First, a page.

Monday, August 12, 2013

Stephanie Mills - Merciless

Today (August 12th) marks the thirtieth anniversary of Merciless, the seventh studio album from Stephanie Mills. Following her 1982 album Tantalizingly Hot (click here for that review), this 1983 release on the Casablanca label charted at number 104 on the US Billboard Hot 200 and number 12 on the US Billboard R&B chart.

Side one starts with “How Come U Don’t Call Me Anymore?”, a cover of a 1982 B-side of a single by Prince. As the second single from her album, Mills’ version went to number 12 on the US Billboard R&B chart. Everyone who knows me knows that I am a huge Prince fan and, as such, I like to check out when others interpret his tunes. Mills does a fantastic job here at portraying heartbreak and longing desire, and the musical arrangement is solid too, especially with the horn accents. It ranks right up there with the original in my book.

“Never Get Enough of You” features a funky dance mid-tempo groove. Mills shows off her amazingly versatile vocal chops too.

“Eternal Love”, co-written by Paul Jabara and Jay Asher, is a ballad full of emotional power that builds slow and steady. Later in 1983, Jabara worked with a then-unknown nineteen year Whitney Houston to record a version of the song as well.

Mills is joined by Peggi Blu on “His Name Is Michael”, the B-side to the first single which was co-written by Mills and Michael Sembello. Blu was a former backup singer for the likes of Stevie Wonder, Luther Vandross and more before doing her first solo album in 1980. She and Mills worked together on Broadway in The Wiz, and she has had a prominent career since. Mills opens by telling her friend Blu about her wonderful new fiancĂ©e only for the two to discover that the man they've both been dating are one in the same.

The dance beats returns with “Here I Am”, the B-side to the second single. The lyrics tell of a young woman offering to help a playboy settle down.

Side two begins with “My Body”, which was written by Luther Vandross. This was the only track from the album that I could not find anywhere on-line to listen to, and that is a shame. I was really looking forward to hearing Mills and Vandross sing together on it.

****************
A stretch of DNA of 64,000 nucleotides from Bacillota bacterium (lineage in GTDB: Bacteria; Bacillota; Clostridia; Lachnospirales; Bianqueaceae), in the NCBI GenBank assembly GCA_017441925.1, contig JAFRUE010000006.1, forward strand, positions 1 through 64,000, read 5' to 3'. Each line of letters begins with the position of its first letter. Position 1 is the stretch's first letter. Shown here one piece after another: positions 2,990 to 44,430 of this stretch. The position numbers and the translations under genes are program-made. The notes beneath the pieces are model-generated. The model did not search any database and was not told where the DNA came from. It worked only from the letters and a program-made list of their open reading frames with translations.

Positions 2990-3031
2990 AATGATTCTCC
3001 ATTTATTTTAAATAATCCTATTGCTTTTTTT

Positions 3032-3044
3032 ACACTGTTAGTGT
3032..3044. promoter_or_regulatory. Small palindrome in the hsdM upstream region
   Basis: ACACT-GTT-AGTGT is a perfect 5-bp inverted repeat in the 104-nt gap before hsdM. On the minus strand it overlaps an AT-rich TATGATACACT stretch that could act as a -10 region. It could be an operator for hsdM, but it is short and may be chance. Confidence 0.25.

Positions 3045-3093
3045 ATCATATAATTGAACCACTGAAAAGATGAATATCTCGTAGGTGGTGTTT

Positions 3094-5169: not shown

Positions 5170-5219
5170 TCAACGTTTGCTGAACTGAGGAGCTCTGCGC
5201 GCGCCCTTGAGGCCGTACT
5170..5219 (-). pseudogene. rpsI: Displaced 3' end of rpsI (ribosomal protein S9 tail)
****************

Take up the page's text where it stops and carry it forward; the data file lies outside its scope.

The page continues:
Things slow down as Mills poses the question "Do You Love Him". I like how the sentiment is to wait on the answer before taking one’s own actions.

We next take to the skies with another dance tune. “Pilot Error”, the first single, reached at number 12 on the US Billboard R&B chart and number 3 on the US Billboard Dance chart. The lyrics are generously peppered with aeronautical terminology.

“Since We’ve Been Together” closes things out. This up-beat appreciation of being in love is built upon a funky bass groove with keyboard accompaniment.

I did not own a copy of Merciless back in the day; and today, the re-mastered CD is tough to come by (you have to get it as an import here in the US, at a higher price tag). Thanks mostly to YouTube postings by other Stephanie Mills fans, I was able to give the album a first-time listen through for this review. I very much enjoyed the record and plan to seek out an affordable copy of the CD. Mills is one of those often-forgotten R&B singers from the late 70's and early 80's; I think she is a spectacular talent whose music deserves to be heard more often.

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